I started pushing towards reconnection anyway, keeping half an eye on Shayma and half an eye on Iniri through the Companion bond. Tor Kot was still ranting, apparently not willing to commit to an actual attack in the face of what he’d just seen. In fact, I was pretty sure I could see very faint mana pulses coming from him, probably probing for more details of what was going on. Considering that he said he couldn’t see my mana, even though he could tell where Fields were I would bet he was just getting more confused.

“Blue? What’s going on? I can’t sustain this off my own mana!” Iniri was looking pretty well panicked and I didn’t blame her. Unfortunately it wasn’t like I could say anything to her — though there might be one way I could send a message. I’d turned it off before but for a moment I pushed her Guidance to maximum. That moment was enough, because her face suddenly cleared of confusion and she started snapping orders. Good, because Tor Kot grabbed my attention by starting some kind of spell.

I didn’t know what kind of magic would take a mage-king a long time to cast, but I knew it wasn’t going to be good for either me or Shayma. I knew nothing normal was going to hurt him, but in a flash of inspiration I mashed together all the firmament and anecrux bits I had and gave the resulting tiny glowing ball to Shayma.

“Hopefully this explodes.” After seeing what the anecrux did when the catalyst hit it, and seeing that other supermaterials were rather energetic, I figured that having several thousand potential mana mixed in with indestructible beads might well constitute a fragmentation grenade. It was also absurdly expensive, so even if it did work I wasn’t about to make a second one.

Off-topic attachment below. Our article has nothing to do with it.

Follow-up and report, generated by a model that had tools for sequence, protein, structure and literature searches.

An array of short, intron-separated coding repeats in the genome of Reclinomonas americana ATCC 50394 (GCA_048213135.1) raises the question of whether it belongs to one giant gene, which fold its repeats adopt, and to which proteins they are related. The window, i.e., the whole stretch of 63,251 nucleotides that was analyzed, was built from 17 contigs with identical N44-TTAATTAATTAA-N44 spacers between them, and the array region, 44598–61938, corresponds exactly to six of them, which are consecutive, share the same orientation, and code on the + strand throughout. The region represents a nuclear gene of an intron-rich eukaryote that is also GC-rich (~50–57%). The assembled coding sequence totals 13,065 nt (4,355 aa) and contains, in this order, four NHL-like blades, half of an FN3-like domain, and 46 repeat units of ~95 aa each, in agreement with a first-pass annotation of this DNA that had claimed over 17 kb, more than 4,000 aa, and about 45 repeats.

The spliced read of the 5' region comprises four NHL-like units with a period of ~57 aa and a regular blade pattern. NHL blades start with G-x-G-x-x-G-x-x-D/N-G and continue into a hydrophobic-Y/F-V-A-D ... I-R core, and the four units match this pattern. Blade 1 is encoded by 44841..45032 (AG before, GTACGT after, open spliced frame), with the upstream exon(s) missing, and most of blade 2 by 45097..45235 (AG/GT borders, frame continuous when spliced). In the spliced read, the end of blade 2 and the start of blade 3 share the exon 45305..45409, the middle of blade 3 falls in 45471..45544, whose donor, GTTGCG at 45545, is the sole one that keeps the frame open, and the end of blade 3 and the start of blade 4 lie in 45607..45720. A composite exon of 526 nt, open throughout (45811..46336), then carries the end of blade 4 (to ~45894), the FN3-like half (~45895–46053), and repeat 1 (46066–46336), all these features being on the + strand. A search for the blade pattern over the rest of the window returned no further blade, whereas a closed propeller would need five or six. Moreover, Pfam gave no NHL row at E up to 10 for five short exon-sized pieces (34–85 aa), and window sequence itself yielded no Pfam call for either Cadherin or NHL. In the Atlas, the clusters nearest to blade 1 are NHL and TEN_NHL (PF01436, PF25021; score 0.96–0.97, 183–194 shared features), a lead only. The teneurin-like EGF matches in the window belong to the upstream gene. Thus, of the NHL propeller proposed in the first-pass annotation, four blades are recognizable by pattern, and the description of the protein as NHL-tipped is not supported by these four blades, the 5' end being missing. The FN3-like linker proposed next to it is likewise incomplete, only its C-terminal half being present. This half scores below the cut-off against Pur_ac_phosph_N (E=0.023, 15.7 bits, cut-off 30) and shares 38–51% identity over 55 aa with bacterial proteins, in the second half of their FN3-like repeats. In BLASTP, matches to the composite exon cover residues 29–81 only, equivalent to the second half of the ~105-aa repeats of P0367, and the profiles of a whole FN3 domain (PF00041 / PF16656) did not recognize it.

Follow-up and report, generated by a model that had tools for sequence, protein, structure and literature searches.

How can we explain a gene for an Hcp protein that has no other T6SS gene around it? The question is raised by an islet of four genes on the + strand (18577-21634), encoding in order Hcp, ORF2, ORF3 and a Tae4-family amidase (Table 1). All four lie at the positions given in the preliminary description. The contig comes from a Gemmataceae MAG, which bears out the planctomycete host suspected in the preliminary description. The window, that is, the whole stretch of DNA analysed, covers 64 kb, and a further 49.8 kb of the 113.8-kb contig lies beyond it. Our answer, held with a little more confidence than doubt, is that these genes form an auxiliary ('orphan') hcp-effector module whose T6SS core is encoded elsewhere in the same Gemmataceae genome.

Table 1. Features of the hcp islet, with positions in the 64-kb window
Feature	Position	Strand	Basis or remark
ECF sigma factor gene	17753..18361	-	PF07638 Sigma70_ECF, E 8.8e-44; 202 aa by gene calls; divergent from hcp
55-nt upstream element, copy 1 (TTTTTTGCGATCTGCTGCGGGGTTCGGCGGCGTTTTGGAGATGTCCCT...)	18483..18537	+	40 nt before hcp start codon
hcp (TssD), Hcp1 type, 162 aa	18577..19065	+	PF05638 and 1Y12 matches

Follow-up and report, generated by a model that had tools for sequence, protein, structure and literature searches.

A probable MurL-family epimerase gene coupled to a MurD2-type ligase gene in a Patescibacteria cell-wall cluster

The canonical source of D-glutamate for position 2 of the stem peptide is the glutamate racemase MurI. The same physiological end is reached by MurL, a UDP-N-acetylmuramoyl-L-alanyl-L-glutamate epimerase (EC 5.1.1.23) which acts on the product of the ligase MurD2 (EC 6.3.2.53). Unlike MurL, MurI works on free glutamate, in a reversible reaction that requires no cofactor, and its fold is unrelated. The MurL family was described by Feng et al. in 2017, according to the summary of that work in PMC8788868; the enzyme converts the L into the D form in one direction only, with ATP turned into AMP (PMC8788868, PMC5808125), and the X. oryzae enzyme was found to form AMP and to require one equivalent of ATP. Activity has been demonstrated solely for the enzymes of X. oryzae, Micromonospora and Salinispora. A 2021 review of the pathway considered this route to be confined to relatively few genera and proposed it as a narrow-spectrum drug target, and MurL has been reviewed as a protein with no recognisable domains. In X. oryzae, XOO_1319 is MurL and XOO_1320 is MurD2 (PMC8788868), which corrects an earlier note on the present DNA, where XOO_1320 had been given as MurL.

Shayma reacted nearly instantly, her hand shifting and elongating as she hurled the thing faster than I could track. Miriam reacted, her poleax flicking out to intercept it, and I was unutterably relieved when it did explode. Violently.

A blaze of multicolored light and a resounding detonation accompanied the destruction of Miriam’s weapon and the perforation of everyone in the room by tiny beads of Firmament. Even Shayma caught one right across the flesh of her cheek, though it sealed up almost immediately thanks to her [Eidolon Body] and my rejuvenation Field.

Most importantly, it accomplished my goal of stopping whatever cast Tor Kot was involved in. His spellwork collapsed as he lifted his fingers to touch a tear in his suit right dead center of his chest. Both Miriam and Charlene had a couple of similar tears in their leathers, with pinpricks of mint-green blood showing. None of them seemed particularly harmed by the projectiles, only dropping a few hit points, but they were actual wounds, which was enough to give everyone pause. Shayma’s [Phantom Presence] meant she looked completely pristine, which just added to the effect.

“So much mana it’s poisonous? How is this even possible?” That sounded similar to the nonsense Vok Nal had spouted, but Tor Kot was more wondering than indignant. Admittedly, I was still hoping he was about to collapse dramatically but such was not to be. Which was bad, because I was running low on stalling tactics, I still hadn’t reconnected with my other half, I didn’t have much mana, and even given how amazing Shayma was she couldn’t take the three of them by herself, so I couldn’t—